Warm salad of chargrilled Gem lettuce, roasted tomatoes, tiger prawns and chilli dressing

homegrown-harvest-lettuce-recipe

Serves 4
For the dressing
100ml tomato passata
5g Dijon mustard
20g runny honey
1 medium red chilli, skinned and deseeded
30ml good quality sherry vinegar
1 clove garlic, skinned and soaked in boiling water for five minutes
50ml light olive oil
Maldon sea salt and freshly ground black pepper


For the lettuce
4 heads of Little Gem, trimmed and halved lengthwise
30ml olive oil
Maldon sea salt and freshly ground black pepper


For the tomatoes
12-16 cherry tomatoes on the vine
20ml olive oil
20ml good quality sherry vinegar
Maldon sea salt and freshly ground black pepper


For the prawns
20 large raw prawns
30ml olive oil
20g unsalted butter
Maldon sea salt and freshly ground black pepper


To serve
50g seasoned mascarpone
Parmesan shavings

To make the dressing, combine all the ingredients (except the seasoning) in a blender and blitz until smooth. Season to taste. Adjust with more vinegar/honey if required.

Pour the oil for the lettuce onto a tray or plate and add seasoning, then rub the cut surfaces of the lettuce in the seasoned oil. Heat a chargrill pan over a medium heat and lay the lettuce on, cut-side down. Press down firmly and cook until well marked. Turn and cover with a lid to create a little steam to soften the lettuce. Set to one side to keep warm.

Place the tomatoes in a small roasting tin, drizzle with the oil and vinegar, season and roast in hot oven for four to five minutes.

Heat the olive oil for the prawns in a non-stick frying pan and then season the prawns. Fry over a high heat until they turn pink and are lightly coloured on one side. Flip the prawns over, add the butter and cook for a further 30 seconds until just cooked through. Drain on paper towel.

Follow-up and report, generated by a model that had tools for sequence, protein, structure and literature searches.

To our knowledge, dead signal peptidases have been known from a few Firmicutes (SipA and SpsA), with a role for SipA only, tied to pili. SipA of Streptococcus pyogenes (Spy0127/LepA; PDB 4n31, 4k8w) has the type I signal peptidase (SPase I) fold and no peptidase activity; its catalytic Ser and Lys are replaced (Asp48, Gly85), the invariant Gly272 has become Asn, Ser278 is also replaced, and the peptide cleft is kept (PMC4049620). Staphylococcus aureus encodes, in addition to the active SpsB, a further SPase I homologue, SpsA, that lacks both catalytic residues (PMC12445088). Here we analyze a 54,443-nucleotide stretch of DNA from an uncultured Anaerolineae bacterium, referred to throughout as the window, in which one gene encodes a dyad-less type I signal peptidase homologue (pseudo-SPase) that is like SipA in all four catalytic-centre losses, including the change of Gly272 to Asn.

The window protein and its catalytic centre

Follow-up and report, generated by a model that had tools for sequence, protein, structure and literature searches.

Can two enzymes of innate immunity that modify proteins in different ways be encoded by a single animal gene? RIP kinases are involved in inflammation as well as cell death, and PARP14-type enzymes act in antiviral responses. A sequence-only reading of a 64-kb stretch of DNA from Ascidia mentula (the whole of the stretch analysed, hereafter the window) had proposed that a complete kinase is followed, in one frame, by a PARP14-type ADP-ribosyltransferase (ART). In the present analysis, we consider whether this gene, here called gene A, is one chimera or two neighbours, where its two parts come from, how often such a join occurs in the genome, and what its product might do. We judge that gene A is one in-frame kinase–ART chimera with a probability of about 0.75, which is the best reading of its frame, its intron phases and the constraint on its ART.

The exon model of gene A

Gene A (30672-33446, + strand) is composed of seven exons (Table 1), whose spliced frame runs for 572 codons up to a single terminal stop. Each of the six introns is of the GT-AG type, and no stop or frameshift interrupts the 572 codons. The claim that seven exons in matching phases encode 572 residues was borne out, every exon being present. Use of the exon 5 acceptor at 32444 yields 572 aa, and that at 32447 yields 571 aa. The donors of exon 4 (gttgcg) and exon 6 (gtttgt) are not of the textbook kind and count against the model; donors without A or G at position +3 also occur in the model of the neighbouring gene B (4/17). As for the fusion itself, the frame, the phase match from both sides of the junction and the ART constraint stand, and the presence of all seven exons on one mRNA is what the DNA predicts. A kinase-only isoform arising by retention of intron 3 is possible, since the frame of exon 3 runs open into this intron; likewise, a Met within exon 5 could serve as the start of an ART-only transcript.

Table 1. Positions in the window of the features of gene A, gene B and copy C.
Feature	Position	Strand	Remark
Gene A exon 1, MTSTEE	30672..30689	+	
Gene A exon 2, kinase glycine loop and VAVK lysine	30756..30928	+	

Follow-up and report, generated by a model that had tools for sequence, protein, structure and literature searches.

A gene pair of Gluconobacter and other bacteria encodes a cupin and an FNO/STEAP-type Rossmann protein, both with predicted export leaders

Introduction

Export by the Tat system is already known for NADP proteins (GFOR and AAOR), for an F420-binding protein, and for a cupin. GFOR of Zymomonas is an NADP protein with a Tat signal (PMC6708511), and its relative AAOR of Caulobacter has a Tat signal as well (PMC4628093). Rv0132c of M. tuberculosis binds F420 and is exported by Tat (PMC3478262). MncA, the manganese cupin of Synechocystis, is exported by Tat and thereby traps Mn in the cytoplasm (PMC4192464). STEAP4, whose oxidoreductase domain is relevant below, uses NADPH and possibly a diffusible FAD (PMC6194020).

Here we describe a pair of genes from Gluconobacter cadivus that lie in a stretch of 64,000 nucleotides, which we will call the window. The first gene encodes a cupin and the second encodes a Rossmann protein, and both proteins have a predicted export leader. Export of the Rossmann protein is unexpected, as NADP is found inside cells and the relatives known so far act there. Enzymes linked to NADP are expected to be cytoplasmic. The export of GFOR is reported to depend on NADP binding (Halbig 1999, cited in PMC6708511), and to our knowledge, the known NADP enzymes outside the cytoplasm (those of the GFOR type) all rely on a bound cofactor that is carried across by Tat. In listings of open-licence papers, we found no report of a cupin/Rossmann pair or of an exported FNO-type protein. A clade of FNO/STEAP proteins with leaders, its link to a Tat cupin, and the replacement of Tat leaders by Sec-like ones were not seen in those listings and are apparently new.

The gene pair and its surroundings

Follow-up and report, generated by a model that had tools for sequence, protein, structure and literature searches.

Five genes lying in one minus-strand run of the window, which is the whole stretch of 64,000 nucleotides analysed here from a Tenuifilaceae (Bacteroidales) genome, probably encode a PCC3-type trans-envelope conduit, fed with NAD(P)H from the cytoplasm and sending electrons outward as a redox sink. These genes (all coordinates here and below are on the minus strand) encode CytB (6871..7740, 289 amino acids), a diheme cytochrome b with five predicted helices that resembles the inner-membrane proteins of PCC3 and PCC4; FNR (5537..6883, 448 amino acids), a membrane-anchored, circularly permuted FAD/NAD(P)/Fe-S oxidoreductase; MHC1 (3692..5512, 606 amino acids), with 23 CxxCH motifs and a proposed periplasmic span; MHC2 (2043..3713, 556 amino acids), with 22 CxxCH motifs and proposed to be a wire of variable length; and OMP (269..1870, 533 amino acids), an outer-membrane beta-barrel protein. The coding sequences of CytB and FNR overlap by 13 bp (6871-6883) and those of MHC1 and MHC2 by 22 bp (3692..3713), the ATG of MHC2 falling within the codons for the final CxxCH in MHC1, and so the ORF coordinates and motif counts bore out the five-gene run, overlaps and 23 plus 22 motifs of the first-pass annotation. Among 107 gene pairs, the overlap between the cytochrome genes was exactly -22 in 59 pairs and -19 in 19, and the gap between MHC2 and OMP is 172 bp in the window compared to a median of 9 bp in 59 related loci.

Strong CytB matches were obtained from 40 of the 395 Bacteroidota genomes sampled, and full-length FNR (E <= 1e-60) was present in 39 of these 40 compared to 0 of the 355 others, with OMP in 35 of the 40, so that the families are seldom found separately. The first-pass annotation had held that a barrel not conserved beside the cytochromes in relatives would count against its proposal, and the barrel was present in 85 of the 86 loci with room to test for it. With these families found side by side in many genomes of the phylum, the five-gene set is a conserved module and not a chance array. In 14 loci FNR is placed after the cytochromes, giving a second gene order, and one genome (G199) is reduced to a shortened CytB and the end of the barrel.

To serve, place the lettuce charred side up in shallow bowls. Place the tomatoes to one side and then add dots of dressing and mascarpone to the lettuce. Add the prawns to the dish and finish with a few Parmesan shavings.


Coming soon
Over the next few months I will be featuring raspberries and globe artichokes in Home-grown Harvest. Do let me know how you use these products on your menus and what your seasonal favourites are.
Email recipes, dish suggestions and photographs to: russell@creativeaboutcuisine.com

Get The Caterer every week on your smartphone, tablet, or even in good old-fashioned hard copy (or all three!). Subscribe today and save 51%

Start the discussion

Sign in to comment or register new account

Start the working day with

The Caterer’s free breakfast briefing email

Sign up now for:

  • The latest exclusives from across the industry
  • Innovations, new openings, business news and practical advice
  • The latest product innovations and supplier offers
Sign up for free